Intel has been encouraging demand for PCs with promises of wireless machines for the last three years. However, at Computex Taipei 2016, the chip maker did not talk much about wireless devices, but rather, it talked a lot about connected devices and the cloud.

Intel Corporation No More Working On Wireless Charging

Changing priorities to blame

At Computex Taipei 2015, Kirk Skaugen, senior PC exec at Intel, said, “We carry about six cables each for our phones, our tablets and our PCs. We want to get rid of all those cables.”

However, Skaugen has since left the chip making giant. Also four Intel representatives resigned from their posts at the AirFuel Alliance last Tuesday. AirFuel Alliance is an industry group that aims to accelerate wireless charging standards, according to Forbes.

In the emails detailing the resignations from the AirFuel Alliance committees, Intel executives cited the chip maker’s plan to realign strategic priorities, the media outlet said. Intel’s growth has been driven by its PC division, referred to as the Client Computing Group. The PC division sold $7.4 billion worth of microprocessors, contributing around 54% of the chip maker’s total revenue and 73% of its operating income in the first quarter of 2016.

However, since 2011, sales of personal computers have been declining all over the world. In 2015, global shipments of PCs fell 10.3%, the largest decline in history, according to IDC. The number of units dropped to 300 million last year for the first time since 2008.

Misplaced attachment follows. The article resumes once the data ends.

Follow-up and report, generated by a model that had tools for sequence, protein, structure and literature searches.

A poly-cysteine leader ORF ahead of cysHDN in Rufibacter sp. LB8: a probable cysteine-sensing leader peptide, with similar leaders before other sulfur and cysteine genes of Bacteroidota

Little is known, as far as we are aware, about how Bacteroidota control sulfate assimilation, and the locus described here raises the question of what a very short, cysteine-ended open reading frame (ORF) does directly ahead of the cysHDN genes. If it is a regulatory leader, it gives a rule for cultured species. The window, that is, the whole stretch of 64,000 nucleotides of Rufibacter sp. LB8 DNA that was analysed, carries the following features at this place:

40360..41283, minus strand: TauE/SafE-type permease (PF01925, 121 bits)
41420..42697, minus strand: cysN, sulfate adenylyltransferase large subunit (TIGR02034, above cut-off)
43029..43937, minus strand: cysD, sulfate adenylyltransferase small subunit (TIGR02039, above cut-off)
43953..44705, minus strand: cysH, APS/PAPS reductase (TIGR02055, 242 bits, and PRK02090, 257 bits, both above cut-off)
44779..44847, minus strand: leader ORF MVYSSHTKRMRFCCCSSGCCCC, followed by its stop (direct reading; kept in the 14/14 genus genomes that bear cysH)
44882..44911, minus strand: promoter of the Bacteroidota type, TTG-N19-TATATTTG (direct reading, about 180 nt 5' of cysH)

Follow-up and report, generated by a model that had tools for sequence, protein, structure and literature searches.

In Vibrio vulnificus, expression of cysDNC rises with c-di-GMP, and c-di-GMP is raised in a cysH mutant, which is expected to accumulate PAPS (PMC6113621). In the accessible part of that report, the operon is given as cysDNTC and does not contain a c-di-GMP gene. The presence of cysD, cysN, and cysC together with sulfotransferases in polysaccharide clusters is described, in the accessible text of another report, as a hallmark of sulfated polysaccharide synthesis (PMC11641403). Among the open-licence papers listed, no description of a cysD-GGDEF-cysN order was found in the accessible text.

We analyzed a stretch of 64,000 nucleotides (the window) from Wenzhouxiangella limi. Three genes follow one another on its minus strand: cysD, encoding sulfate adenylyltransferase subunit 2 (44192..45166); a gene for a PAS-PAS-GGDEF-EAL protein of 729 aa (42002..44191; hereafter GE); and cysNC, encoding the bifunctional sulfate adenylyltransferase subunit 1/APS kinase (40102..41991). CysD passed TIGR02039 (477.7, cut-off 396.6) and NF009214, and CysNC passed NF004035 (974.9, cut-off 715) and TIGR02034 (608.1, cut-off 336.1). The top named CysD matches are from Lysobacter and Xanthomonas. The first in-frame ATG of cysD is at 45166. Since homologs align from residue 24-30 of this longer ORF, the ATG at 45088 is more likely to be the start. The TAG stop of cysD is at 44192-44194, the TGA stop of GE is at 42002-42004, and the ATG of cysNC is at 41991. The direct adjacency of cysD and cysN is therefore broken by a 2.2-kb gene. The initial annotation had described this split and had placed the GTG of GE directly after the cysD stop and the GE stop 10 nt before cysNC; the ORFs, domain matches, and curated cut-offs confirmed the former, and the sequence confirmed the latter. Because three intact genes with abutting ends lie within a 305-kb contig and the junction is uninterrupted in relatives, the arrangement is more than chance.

During the earnings call in April, CEO Brian Krzanich told investors and analysts that they are evolving from a PC company to a company that powers the cloud and billions of smart, connected and computing devices.

Intel confirms the closure

Intel confirmed in an email to Forbes that it was ending its wireless charging development efforts.

“Our strategy behind our internal development work to date was primarily focused on accelerating the ecosystem, which has largely happened,” the company stated in the email.

For Intel, moving wireless charging from cell phones to laptops and other computers has been a problem as bigger gadgets need more power, the report says.

John Perzow, vice president of market development at the Wireless Power Consortium, said, “Depending on what you are trying to do, they need between 30 and 60 watts.”

The increase in power brings an increase in inefficiency, but it makes it even more difficult to stay within federal safety limits. These problems were tackled by the Wireless Power Consortium by transferring power at lower frequencies between 110 and 205 KHz, but Intel favored a much higher frequency of 6.78 MHz, which is advocated by the AirFuel Alliance.